A quick guide to the different types of bread and wheat flour

Nothing smells quite so good as the aroma of bread baking in the oven. And the incomparable taste and texture of a loaf of preservative-free, homemade bread is well worth the effort. Before you start baking, here's a quick guide on the different types of bread and wheat flour.

A quick guide to the different types of bread and wheat flour

Yeast bread: what is it?

The most basic dough made from flour, yeast, water and salt produces many staple breads: white, rye, whole wheat, baguettes, sourdough, pizza dough and a variety of whole-grain loaves and rolls.

  • Richer yeast doughs contain ingredients such as butter, eggs, cream, sweeteners and flavourings, and are used for brioches, croissants and Danish pastries.
  • Traditional yeast breads are sometimes associated with special days or festivals: challah is a Jewish Sabbath bread and panettone is an Italian bread traditionally baked for Christmas.

Understanding yeastless bread

Yeastless doughs are leavened with chemical raising agents such as baking powder, baking soda, or sometimes a mixture of the two.

  • Yeastless breads can be further divided into batter breads, such as muffins, and quick breads, such as scones and soda breads.

Delicious kinds of flatbread

Some flatbreads contain leavening agents; others do not.

  • They include the Italian focaccia and the Middle Eastern pita bread.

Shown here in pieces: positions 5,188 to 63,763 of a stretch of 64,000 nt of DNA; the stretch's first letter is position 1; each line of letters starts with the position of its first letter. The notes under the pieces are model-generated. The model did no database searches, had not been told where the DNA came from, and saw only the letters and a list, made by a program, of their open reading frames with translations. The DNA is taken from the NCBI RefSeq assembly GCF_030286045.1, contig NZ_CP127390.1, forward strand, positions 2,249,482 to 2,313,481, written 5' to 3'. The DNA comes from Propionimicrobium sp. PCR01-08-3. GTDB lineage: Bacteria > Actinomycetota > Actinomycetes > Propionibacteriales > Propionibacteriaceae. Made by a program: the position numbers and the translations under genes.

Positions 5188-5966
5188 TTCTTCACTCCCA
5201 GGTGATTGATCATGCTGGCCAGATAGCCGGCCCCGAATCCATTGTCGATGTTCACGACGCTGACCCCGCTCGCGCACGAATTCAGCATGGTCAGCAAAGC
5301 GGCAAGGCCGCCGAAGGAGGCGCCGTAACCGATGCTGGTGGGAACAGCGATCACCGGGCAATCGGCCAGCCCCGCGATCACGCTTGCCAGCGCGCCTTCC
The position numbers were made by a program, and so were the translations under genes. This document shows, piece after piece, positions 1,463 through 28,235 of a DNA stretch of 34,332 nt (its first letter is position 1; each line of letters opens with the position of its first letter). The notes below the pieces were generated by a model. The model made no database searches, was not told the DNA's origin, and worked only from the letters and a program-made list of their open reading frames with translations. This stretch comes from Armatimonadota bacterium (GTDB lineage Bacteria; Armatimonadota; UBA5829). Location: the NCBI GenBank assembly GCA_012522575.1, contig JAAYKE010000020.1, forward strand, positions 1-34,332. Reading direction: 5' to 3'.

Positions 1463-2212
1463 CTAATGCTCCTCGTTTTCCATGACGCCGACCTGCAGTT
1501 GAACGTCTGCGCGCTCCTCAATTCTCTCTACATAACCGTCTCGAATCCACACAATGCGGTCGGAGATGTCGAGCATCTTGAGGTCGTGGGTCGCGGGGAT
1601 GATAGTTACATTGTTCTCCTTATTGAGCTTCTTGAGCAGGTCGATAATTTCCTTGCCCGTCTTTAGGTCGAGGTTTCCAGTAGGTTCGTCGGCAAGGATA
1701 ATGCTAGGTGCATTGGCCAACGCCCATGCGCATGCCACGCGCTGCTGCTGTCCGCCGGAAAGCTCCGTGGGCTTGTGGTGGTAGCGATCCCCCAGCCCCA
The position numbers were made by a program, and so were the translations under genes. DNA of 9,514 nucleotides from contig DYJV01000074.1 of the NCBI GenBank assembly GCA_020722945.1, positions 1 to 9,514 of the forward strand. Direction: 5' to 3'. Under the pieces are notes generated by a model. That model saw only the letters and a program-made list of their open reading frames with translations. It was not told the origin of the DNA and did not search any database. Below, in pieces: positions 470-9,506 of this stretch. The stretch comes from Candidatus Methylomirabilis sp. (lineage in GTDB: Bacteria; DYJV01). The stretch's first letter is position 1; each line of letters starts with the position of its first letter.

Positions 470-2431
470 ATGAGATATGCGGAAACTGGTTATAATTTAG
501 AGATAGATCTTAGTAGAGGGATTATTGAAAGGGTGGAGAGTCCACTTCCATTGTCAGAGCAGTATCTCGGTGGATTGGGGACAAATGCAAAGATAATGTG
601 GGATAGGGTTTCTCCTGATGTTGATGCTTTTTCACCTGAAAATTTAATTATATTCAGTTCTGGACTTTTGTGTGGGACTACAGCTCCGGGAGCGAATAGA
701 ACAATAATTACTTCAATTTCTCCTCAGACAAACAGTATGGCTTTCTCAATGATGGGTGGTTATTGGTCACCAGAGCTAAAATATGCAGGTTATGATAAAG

Types of wheat flour

As a dietary staple for many cultures, wheat has been used in different forms for cooking many styles of food. To use such a flexible product well, it pays to have a working knowledge of some of the variety of forms wheat may take when used for cooking.

  • Plain flour: Supermarkets and shops sell several types of wheat flour, including all-purpose bleached or unbleached flour for general purposes and for home breadmaking. Whole wheat flour is another shelf staple.
  • Self-raising flour: This wheat flour is made from all-purpose flour leavened with a mixture of baking soda and an acid ingredient, either cream of tartar, tartaric acid or phosphate aerator. The ratio of leavening agent (baking powder) to flour is balanced for scone making and may not be suitable for finely textured cakes. Cake flour is also a self-raising flour; its purpose is specified on the package.

From the basic white loaf to a rye sourdough there is a wonderful variety of delicious breads for the home baker to make. Keep this guide in mind and get started today!

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